TAMPA, Fla. (WFLA) — The World Health Organization says two people have died in Ghana’s first-ever outbreak of the Marburg virus disease, an Ebola-like disease found in West Africa.
According to WHO, the two patients sought treatment at the same hospital within days of each other. Both showed symptoms of diarrhea, fever, nausea and vomiting. The Institut Pasteur in Dakar, Senegal, received samples from the patients, both men, ages 26 and 51. Lab tests suggested their illness was due to the Marburg virus.
“WHO has been supporting a joint national investigative team in the Ashanti Region as well as Ghana’s health authorities by deploying experts, making available personal protective equipment, bolstering disease surveillance, testing, tracing contacts and working with communities to alert and educate them about the risks and dangers of the disease, and to collaborate with the emergency response teams. In addition, a team of WHO experts will be deployed over the next couple of days to provide coordination, risk assessment and infection prevention measures,” the organization said in a statement.
Marburg virus disease (MVD) is a rare but severe viral hemorrhagic fever (VHF) that can be fatal to humans.
According to the CDC, VHFs are a group of diseases that affect multiple organ systems in the body and may be accompanied by hemorrhage, or bleeding. VHFs are caused by four distinct virus families: Arenaviridae, Bunyaviridae, Filoviridae, and Flaviviridae. Marburg, like Ebola, is a filovirus.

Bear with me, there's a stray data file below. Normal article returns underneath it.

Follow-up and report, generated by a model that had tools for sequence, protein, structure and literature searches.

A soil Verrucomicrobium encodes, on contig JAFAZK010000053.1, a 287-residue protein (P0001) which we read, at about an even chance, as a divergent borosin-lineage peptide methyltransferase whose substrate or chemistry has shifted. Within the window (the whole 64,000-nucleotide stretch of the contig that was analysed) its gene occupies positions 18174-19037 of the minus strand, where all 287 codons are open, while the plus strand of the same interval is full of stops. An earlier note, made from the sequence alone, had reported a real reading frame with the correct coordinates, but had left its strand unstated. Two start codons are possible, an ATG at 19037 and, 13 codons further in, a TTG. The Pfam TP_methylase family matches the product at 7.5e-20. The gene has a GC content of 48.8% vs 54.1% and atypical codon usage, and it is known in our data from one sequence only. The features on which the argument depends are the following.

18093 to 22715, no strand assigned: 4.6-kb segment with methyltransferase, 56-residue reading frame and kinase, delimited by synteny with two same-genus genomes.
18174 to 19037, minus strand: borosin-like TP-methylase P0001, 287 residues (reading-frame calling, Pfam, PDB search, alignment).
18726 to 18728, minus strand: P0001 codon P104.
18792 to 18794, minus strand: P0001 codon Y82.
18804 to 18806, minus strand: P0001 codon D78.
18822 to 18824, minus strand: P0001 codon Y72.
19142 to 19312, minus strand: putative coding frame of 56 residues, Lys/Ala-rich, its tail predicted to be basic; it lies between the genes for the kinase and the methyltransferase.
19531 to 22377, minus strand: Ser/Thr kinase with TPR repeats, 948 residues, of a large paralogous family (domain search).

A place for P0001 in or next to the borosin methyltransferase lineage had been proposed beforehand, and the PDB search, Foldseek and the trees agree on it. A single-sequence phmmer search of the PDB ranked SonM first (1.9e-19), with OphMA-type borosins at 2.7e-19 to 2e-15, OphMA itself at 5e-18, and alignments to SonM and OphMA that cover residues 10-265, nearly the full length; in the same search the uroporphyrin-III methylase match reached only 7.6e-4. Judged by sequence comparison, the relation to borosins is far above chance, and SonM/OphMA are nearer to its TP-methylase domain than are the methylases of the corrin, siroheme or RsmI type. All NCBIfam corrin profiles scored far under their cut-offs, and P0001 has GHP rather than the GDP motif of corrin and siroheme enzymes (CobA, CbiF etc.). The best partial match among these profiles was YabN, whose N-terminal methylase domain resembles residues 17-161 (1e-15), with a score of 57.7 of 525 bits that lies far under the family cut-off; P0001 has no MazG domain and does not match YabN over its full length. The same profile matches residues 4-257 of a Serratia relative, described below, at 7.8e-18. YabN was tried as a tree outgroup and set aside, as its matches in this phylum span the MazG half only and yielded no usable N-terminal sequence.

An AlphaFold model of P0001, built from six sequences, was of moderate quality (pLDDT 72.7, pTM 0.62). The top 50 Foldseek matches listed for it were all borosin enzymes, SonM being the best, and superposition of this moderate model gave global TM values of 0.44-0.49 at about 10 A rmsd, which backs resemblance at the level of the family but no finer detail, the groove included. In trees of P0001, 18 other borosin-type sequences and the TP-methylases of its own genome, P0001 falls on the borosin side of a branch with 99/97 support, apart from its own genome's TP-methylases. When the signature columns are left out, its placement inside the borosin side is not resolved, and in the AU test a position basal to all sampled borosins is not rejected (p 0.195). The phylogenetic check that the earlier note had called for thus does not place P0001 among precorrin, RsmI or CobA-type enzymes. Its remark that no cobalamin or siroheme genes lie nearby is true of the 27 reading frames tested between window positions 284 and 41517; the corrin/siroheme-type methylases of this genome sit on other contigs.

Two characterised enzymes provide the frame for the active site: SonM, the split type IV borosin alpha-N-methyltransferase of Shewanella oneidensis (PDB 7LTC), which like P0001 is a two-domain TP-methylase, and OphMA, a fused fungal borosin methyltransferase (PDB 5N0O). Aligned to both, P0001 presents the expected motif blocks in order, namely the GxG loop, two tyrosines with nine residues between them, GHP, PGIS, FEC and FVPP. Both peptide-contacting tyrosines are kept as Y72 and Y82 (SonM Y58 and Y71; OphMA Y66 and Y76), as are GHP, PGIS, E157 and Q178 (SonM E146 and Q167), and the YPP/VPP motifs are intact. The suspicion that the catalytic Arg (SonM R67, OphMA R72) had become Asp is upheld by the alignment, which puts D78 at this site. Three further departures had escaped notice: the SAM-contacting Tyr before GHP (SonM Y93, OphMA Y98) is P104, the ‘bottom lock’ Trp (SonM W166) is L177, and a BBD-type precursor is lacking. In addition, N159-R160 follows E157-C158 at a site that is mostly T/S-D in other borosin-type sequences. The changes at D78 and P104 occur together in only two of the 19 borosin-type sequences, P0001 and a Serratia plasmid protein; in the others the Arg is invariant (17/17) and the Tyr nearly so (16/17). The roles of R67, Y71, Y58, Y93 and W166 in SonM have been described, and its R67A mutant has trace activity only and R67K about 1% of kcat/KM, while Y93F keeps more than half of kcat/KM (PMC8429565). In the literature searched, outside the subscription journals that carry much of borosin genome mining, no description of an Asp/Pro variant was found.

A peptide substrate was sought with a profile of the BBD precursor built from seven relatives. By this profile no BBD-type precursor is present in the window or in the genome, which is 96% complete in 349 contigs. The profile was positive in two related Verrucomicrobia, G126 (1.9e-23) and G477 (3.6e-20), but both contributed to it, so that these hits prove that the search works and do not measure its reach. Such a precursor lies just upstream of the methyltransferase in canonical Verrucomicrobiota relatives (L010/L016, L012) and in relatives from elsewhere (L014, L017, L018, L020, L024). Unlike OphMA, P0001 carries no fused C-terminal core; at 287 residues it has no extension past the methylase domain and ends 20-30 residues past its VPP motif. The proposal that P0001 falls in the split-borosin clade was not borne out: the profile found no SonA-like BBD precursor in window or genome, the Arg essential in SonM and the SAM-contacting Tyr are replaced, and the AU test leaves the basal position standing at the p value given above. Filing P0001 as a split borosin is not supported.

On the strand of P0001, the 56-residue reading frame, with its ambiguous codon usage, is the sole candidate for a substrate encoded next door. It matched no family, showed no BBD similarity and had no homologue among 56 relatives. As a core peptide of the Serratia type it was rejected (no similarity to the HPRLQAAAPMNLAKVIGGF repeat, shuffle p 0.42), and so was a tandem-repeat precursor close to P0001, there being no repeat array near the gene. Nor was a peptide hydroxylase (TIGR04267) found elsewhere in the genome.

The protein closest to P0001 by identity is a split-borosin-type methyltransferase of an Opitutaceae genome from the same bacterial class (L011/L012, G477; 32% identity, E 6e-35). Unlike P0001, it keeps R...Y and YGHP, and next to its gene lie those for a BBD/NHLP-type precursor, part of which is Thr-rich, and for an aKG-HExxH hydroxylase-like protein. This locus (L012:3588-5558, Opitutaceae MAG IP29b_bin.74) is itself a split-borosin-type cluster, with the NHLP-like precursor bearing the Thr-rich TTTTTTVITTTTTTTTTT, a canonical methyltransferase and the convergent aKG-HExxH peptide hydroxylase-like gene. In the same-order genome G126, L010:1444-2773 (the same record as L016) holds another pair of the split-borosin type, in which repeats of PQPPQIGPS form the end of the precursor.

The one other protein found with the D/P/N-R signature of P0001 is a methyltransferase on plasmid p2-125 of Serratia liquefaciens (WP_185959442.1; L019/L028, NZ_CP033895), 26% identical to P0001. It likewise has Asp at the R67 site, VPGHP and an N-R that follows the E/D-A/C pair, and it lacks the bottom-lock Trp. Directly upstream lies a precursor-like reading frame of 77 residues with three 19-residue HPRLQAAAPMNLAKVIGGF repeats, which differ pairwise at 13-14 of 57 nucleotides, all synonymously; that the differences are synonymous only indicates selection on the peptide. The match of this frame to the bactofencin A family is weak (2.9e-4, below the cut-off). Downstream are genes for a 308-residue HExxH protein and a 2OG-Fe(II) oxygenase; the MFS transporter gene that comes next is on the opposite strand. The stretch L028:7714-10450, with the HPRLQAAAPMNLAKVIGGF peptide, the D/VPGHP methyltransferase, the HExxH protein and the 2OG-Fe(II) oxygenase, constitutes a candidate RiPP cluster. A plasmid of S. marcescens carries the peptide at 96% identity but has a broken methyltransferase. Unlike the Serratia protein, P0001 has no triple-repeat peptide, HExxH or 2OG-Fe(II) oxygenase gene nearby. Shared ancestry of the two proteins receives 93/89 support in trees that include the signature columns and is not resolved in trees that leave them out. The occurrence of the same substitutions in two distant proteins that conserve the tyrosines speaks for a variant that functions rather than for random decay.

The Marburg virus is believed to be spread to humans by fruit bats and can be transmitted via direct contact with the blood, secretions, organs or other bodily fluids of infected people, and with surfaces and materials contaminated with these fluids, WHO said.
Symptoms of MVD include fever, malaise, body aches, nausea, vomiting, diarrhea, and internal hemorrhaging.
The average case fatality rate is around 50%, but rates have varied from 24% to 88%, according to WHO.
It’s the first time the disease has been reported in Ghana. There have been other oubreaks in Angola, Congo, Kenya, South Africa (in a person with recent travel history to Zimbabwe) and Uganda, WHO said. There was one confirmed case in Guinea last year, but the outbreak was declared over five weeks later.
“Health authorities have responded swiftly, getting a head start preparing for a possible outbreak. This is good because without immediate and decisive action, Marburg can easily get out of hand. WHO is on the ground supporting health authorities and now that the outbreak is declared, we are marshalling more resources for the response,” said Dr Matshidiso Moeti, WHO Regional Director for Africa.